A former FBI investigator now hunts down long lost apples. He's found dozens of them.

NPR has a weirdly fascinating story about an ex-FBI and IRS criminal investigator who has now turned his attention to … apples. In what sounds like a grimdark espionage reboot of Johnny Appleseed starring Nick Cage, Lost Apple Project is the brainchild of David Benscoter and the Whitman Historical Society of Washington State, who seek out rare breeds of apples — most of which are believed to have died out a hundred years ago or more — and aim to revitalize them.

Benscoter recently found seven types of apples in old orchards in Oregon, Washington and Idaho that were thought to have gone extinct as long as a century ago. 

They're a mix of red, green and yellow, with names like the Almota, the Ivanhoe, the Eper and the Iowa Flat. Since 2014, Benscoter's organization has discovered 29 lost apple varieties, including the Streaked Pippin, the Sary Sinap and the Nero.


There were once at least 17,000 named varieties of apples in North America, but only about 4,500 are known to exist today. By the 20th century, farmers stopped growing most apple types because they were less in demand.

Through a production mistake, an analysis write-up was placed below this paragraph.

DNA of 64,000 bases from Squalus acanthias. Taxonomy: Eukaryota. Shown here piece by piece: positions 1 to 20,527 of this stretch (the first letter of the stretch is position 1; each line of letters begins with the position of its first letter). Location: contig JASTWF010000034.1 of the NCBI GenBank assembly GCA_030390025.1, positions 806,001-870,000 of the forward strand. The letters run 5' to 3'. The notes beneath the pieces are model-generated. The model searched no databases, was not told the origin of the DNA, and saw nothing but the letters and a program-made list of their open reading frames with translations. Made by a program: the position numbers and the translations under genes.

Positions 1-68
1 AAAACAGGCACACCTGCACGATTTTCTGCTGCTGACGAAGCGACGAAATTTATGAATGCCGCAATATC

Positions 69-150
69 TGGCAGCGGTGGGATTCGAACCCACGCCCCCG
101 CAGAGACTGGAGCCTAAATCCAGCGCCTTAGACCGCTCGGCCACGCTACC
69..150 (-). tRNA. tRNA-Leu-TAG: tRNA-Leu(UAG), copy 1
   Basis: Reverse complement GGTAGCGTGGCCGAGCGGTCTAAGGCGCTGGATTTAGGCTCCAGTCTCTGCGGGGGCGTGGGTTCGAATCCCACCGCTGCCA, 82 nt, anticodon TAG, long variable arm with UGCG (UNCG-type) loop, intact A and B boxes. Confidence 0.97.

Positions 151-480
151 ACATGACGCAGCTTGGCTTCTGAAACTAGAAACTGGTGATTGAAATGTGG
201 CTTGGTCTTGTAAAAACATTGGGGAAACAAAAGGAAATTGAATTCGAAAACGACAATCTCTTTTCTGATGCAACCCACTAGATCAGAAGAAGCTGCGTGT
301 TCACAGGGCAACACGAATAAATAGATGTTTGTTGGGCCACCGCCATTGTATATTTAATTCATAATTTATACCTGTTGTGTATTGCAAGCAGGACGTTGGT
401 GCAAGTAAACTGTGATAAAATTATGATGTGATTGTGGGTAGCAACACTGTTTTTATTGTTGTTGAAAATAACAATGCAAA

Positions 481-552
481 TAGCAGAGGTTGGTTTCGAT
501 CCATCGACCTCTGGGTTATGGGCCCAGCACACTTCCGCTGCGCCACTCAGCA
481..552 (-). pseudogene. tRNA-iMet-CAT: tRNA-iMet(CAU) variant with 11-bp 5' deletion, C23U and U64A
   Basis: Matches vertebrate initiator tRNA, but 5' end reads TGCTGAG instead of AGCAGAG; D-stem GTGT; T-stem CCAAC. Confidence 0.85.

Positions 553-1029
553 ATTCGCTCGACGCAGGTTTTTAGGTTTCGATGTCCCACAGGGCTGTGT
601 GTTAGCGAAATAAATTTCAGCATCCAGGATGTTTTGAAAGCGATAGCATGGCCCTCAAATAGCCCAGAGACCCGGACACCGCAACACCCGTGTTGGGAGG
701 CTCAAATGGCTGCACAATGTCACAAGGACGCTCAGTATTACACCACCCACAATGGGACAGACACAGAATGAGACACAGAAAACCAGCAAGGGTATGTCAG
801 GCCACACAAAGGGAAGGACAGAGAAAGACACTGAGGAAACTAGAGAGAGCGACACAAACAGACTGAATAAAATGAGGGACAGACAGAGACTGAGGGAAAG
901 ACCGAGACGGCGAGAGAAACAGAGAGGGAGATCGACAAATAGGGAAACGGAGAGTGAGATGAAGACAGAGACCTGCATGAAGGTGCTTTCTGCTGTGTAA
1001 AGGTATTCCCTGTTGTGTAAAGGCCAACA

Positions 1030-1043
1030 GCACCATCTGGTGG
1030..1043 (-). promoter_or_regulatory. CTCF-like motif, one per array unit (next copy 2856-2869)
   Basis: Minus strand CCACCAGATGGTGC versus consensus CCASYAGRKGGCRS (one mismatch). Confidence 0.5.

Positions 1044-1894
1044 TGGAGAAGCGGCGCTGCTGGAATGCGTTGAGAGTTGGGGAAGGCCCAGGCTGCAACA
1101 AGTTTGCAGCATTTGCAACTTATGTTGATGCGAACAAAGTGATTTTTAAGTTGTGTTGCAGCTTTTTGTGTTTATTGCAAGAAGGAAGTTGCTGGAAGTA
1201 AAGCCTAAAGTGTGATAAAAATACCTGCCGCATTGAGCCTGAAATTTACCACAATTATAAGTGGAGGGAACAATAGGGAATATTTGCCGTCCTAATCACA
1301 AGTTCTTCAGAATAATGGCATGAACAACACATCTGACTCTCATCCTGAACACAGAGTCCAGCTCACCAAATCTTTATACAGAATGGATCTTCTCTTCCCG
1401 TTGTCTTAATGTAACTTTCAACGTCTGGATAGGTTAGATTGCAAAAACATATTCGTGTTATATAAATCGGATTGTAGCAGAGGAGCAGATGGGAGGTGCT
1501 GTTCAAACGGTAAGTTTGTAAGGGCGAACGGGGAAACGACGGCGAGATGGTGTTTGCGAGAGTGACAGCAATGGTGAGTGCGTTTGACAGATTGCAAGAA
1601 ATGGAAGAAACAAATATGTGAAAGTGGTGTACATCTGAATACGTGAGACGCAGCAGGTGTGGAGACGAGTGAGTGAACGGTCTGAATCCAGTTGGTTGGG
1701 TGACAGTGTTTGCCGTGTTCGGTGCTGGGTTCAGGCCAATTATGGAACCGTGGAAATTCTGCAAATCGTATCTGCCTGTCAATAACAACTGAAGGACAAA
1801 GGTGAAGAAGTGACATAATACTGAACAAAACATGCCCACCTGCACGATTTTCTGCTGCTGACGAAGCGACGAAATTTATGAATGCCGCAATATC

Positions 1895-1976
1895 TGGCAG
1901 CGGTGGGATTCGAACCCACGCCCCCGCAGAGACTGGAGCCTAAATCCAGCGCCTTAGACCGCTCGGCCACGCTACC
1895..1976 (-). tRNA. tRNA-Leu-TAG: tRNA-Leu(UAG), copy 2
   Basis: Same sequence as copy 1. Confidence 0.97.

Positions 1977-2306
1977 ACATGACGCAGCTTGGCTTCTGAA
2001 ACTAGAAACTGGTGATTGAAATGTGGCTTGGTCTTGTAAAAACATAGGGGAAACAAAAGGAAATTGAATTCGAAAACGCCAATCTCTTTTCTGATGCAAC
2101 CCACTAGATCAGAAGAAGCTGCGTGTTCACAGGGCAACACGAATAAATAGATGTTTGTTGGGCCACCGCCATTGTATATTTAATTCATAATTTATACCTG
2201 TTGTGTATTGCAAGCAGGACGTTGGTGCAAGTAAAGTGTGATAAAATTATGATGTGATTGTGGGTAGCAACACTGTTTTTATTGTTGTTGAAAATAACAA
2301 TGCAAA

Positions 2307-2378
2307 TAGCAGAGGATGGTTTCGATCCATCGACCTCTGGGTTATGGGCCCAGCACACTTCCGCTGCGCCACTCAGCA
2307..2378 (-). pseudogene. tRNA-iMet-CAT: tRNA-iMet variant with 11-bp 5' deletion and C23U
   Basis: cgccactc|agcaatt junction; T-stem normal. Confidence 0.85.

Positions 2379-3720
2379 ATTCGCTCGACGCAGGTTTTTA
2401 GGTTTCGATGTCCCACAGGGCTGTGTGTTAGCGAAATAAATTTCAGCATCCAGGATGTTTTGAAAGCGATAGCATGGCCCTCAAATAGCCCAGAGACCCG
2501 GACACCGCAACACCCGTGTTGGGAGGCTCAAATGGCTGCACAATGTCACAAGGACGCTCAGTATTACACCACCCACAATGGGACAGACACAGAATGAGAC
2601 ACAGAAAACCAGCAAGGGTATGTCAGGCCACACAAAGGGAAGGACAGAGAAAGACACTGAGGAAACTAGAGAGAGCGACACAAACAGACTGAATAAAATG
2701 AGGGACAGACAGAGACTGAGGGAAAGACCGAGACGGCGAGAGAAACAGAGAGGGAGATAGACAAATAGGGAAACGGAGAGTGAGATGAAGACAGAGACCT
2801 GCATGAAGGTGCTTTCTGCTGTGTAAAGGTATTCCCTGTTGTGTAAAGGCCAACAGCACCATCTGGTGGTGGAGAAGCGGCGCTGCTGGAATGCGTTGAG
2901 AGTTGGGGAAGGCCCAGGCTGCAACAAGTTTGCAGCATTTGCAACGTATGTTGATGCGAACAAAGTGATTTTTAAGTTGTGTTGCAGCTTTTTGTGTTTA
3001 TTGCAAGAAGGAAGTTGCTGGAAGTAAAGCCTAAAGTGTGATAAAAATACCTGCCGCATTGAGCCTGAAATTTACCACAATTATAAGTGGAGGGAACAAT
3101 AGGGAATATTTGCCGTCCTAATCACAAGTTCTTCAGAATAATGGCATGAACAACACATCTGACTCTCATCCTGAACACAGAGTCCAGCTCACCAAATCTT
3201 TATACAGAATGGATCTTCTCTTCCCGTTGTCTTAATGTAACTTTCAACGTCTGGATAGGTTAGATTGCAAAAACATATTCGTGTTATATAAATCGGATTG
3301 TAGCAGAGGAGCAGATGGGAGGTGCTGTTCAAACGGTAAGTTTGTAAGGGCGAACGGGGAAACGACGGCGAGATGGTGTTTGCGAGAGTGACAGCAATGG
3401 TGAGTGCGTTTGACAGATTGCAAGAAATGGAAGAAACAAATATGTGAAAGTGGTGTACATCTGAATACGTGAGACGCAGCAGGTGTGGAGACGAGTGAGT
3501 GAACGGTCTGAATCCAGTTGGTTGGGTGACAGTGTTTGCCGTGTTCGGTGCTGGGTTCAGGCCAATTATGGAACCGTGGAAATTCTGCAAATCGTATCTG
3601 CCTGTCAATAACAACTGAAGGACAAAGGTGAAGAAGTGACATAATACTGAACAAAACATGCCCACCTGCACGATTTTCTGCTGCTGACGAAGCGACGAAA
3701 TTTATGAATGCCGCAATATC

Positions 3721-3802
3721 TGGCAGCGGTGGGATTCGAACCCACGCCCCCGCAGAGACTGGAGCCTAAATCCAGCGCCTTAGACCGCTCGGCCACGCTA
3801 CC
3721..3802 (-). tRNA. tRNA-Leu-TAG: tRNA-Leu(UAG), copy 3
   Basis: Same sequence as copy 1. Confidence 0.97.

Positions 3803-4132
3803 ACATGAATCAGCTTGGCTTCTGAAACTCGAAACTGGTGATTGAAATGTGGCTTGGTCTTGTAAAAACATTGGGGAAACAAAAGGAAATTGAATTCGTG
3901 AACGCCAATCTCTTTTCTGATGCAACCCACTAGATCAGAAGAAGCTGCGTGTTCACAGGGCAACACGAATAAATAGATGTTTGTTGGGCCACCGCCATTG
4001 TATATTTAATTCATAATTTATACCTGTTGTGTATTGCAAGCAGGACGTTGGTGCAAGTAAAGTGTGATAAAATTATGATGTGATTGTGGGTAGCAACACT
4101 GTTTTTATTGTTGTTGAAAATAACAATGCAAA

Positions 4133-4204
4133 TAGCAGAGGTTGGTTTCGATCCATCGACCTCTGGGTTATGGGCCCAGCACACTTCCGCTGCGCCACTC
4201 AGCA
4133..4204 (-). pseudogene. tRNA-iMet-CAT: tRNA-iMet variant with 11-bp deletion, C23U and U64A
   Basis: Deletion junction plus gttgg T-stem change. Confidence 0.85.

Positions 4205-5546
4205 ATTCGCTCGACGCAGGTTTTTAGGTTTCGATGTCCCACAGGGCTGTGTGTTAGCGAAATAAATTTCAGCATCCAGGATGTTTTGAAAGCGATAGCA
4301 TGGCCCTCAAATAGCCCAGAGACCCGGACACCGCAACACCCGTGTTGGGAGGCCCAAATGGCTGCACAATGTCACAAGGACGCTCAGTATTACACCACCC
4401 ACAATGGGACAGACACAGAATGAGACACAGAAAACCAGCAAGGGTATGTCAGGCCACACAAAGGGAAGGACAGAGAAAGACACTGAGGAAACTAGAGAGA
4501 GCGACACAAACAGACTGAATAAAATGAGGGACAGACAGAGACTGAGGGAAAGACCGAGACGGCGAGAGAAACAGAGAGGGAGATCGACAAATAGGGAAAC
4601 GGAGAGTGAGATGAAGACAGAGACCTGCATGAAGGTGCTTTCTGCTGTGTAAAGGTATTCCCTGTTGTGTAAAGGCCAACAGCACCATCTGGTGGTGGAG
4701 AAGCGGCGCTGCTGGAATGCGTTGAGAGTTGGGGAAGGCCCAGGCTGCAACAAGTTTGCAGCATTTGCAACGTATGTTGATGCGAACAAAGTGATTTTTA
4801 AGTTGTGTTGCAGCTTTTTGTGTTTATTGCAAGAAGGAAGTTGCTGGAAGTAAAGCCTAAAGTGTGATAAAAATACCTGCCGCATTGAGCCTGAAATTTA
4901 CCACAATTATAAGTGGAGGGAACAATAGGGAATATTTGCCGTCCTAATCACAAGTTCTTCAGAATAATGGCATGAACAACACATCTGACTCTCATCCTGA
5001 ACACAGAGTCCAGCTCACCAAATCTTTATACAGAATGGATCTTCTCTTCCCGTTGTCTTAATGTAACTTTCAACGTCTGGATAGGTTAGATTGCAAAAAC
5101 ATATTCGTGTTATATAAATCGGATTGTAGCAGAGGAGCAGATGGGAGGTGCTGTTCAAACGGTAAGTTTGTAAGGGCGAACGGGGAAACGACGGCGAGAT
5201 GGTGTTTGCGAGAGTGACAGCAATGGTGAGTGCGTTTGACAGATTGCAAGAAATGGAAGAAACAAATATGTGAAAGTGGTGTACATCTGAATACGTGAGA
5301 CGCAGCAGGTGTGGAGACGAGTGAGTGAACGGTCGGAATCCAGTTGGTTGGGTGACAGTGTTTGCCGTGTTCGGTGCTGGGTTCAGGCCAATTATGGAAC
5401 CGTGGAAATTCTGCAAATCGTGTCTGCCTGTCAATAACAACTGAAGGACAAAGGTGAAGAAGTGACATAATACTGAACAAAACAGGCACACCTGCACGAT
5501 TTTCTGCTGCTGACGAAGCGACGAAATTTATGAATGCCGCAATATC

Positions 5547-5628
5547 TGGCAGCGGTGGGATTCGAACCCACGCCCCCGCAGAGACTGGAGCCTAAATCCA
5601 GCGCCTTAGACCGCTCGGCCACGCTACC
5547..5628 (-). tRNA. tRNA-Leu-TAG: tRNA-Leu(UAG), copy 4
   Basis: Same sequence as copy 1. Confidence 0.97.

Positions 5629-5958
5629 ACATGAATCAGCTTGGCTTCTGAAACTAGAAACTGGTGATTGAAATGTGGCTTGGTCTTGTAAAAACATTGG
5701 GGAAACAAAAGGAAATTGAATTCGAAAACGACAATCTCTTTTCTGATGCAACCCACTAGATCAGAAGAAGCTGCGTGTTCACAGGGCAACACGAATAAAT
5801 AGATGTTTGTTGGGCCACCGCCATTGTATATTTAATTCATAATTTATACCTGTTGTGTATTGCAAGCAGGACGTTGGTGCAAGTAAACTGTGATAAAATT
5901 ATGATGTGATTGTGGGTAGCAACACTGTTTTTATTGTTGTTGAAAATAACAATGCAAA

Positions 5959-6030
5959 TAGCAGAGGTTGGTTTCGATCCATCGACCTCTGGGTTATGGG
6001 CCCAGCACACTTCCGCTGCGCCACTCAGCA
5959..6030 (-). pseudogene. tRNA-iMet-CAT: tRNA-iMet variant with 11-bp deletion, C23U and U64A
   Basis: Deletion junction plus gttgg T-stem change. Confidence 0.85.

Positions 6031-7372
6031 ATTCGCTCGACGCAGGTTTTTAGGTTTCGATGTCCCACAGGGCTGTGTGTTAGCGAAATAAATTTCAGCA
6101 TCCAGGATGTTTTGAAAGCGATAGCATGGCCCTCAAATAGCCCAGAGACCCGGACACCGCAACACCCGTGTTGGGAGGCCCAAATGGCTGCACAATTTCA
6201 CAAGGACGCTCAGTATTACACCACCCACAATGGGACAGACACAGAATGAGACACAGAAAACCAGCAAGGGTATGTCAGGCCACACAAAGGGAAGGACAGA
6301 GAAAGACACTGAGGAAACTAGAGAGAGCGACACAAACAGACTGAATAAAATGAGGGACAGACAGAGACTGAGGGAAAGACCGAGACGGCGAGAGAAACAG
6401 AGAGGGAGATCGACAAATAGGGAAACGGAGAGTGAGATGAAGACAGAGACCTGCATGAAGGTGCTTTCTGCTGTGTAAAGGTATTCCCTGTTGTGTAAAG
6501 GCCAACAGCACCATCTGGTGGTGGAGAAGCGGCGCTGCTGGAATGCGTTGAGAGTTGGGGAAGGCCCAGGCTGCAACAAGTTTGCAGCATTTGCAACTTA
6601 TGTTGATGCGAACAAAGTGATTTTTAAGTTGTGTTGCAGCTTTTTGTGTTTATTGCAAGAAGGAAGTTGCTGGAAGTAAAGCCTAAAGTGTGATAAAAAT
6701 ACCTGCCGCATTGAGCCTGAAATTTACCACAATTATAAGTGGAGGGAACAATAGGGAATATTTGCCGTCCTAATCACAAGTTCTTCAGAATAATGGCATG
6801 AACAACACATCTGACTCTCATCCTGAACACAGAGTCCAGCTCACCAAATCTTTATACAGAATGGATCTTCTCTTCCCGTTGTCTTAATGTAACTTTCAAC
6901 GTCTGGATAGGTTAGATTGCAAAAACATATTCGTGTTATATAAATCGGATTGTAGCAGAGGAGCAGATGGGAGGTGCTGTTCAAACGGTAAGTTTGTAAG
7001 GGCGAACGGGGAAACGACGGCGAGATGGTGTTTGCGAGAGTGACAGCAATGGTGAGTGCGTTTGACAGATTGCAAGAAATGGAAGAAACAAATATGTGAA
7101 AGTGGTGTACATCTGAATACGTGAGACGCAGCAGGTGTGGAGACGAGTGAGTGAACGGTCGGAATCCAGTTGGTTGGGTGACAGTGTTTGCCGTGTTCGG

The New York Times wrote about Benscoter's apple adventures back in 2017 as well, really leaning hard into the red delicious noir:

"It's like a crime scene," Mr. Benscoter, 62, said as he hiked down a slope toward a long-abandoned apple orchard planted in the late 1800s. "You have to establish that the trees existed, and hope that there's a paper trail to follow."


Often, he said, library archives or county records show what was grown and available, which helps him identify old trees. A woman recently sent him a catalog from 1912 she had found in her attic. It listed more than 140 apple varieties then available in Washington. Documents from county fairs — what apples were offered for judging and won the blue ribbon — have provided another critical piece of evidence.

Most apple varieties, produced by chance intermingling of pollen from neighboring trees on family farms, cannot be definitively identified by DNA, so the history is important. Plant scientists said old varieties might have something to teach as well about evolution or climate, in looking at the qualities that kept a particular tree going despite the odds.

When I lived in Ithaca, NY, the town threw an annual Apple Festival that took over the entire downtown, and I knew that there was a bunch of apple cultivar work going at Cornell University. But I never knew that there were people actually digging through historical records for long-dead apples (many of which probably died out because they weren't resilient or desirable). Like I said: weirdly fascinating!

An Apple Detective Rediscovered 7 Kinds Of Apples Thought To Be Extinct [Dahlia Faheid / NPR]

Hunting Down the Lost Apples of the Pacific Northwest [Kirk Johnson / The New York Times]

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